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J Hepatol. 2009 Aug;51(2):279-87. doi: 10.1016/j.jhep.2009.04.015. Epub 2009 May 24.

Prognostic value of acute hemodynamic response to i.v. propranolol in patients with cirrhosis and portal hypertension.

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Hepatic Hemodynamic Laboratory, Liver Unit, Hospital Clinic-IDIBAPS, University of Barcelona and Centro de Investigación Biomédica en Red de Enfermedades Hepáticas y Digestivas (Ciberehd), Calle Villaroel 170, 08036 Barcelona, Spain.



Cirrhotic patients chronically treated with beta-blockers who achieve a decrease of hepatic venous pressure gradient (HVPG) > or =20% from baseline or to < or =12 mmHg have a marked reduction of first bleeding or re-bleeding. However, two HVPG measurements are needed to evaluate response. This study was aimed at investigating the predictive role of acute HVPG response to i.v. propranolol for bleeding and survival.


We retrospectively studied 166 cirrhotic patients with varices with HVPG response to i.v. propranolol (0.15 mg/kg). All patients subsequently received non-selective beta-blockers to prevent first bleeding (n=78) or re-bleeding (n=88).


Thirty-seven patients developed a portal hypertension-related bleeding over 2 years of follow-up. Decrease (12%) in HVPG was the best cut-off for bleeding risk discrimination. This parameter was used to classify patients in responders (n=95) and non-responders (n=71). In primary prophylaxis (54 responders vs. 24 non-responders) the actuarial probability of bleeding was half in responders than in non-responders (12% vs. 23% at 2 years; ns). In secondary prophylaxis (41 responders vs. 47 non-responders) a good hemodynamic response was also significantly and independently associated with a 50% decrease in the probability of re-bleeding (23% at 2 years vs. 46% in non-responders; p=0.032) and a better survival (95% vs. 65%; p=0.003).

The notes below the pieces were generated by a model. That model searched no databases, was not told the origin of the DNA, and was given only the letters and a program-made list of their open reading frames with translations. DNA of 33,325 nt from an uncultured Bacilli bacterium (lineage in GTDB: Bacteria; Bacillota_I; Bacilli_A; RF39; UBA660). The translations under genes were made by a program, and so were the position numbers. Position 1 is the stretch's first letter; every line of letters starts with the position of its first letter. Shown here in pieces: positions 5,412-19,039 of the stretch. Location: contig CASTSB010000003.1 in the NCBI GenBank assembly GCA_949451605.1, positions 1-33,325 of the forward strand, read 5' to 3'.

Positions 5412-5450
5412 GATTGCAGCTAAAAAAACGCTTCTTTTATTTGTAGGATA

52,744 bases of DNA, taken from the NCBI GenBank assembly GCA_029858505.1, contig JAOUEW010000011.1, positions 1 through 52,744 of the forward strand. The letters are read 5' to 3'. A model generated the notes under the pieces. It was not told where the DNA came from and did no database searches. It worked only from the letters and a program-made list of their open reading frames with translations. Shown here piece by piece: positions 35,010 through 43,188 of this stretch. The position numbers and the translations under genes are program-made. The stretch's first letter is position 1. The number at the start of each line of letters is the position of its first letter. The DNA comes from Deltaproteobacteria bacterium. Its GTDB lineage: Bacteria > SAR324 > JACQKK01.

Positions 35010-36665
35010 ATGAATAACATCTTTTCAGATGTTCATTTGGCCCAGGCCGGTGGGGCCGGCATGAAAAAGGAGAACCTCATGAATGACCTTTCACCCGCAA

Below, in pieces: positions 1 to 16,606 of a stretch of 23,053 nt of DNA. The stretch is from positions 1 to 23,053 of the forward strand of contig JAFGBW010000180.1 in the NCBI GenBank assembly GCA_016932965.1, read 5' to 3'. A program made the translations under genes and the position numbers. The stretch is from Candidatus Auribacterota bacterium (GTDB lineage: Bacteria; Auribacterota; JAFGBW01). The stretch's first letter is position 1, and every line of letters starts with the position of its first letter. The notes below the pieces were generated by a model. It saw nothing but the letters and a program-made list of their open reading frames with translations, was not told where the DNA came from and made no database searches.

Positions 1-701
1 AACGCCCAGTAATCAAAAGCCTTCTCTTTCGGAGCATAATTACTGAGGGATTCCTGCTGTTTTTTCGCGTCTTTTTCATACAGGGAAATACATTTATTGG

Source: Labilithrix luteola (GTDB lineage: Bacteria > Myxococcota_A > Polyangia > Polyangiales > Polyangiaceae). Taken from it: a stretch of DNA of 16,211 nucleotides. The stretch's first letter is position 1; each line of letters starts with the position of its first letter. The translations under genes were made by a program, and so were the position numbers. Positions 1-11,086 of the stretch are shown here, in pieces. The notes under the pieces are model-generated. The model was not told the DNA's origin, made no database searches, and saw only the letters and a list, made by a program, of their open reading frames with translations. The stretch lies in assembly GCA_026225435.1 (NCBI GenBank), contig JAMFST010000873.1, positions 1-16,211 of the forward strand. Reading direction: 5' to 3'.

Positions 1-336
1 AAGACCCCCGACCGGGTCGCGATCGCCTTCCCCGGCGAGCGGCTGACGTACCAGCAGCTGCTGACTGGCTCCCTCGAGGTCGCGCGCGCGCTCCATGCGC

The evaluation of acute HVPG response to i.v. propranolol before initiating secondary prophylaxis for variceal bleeding is a useful tool in predicting the efficacy of non-selective beta-blockers. If adequately validated, this might be a more cost-effective strategy than the chronic evaluation of HVPG response and might be useful to guide therapeutic decisions in these patients.

[Indexed for MEDLINE]

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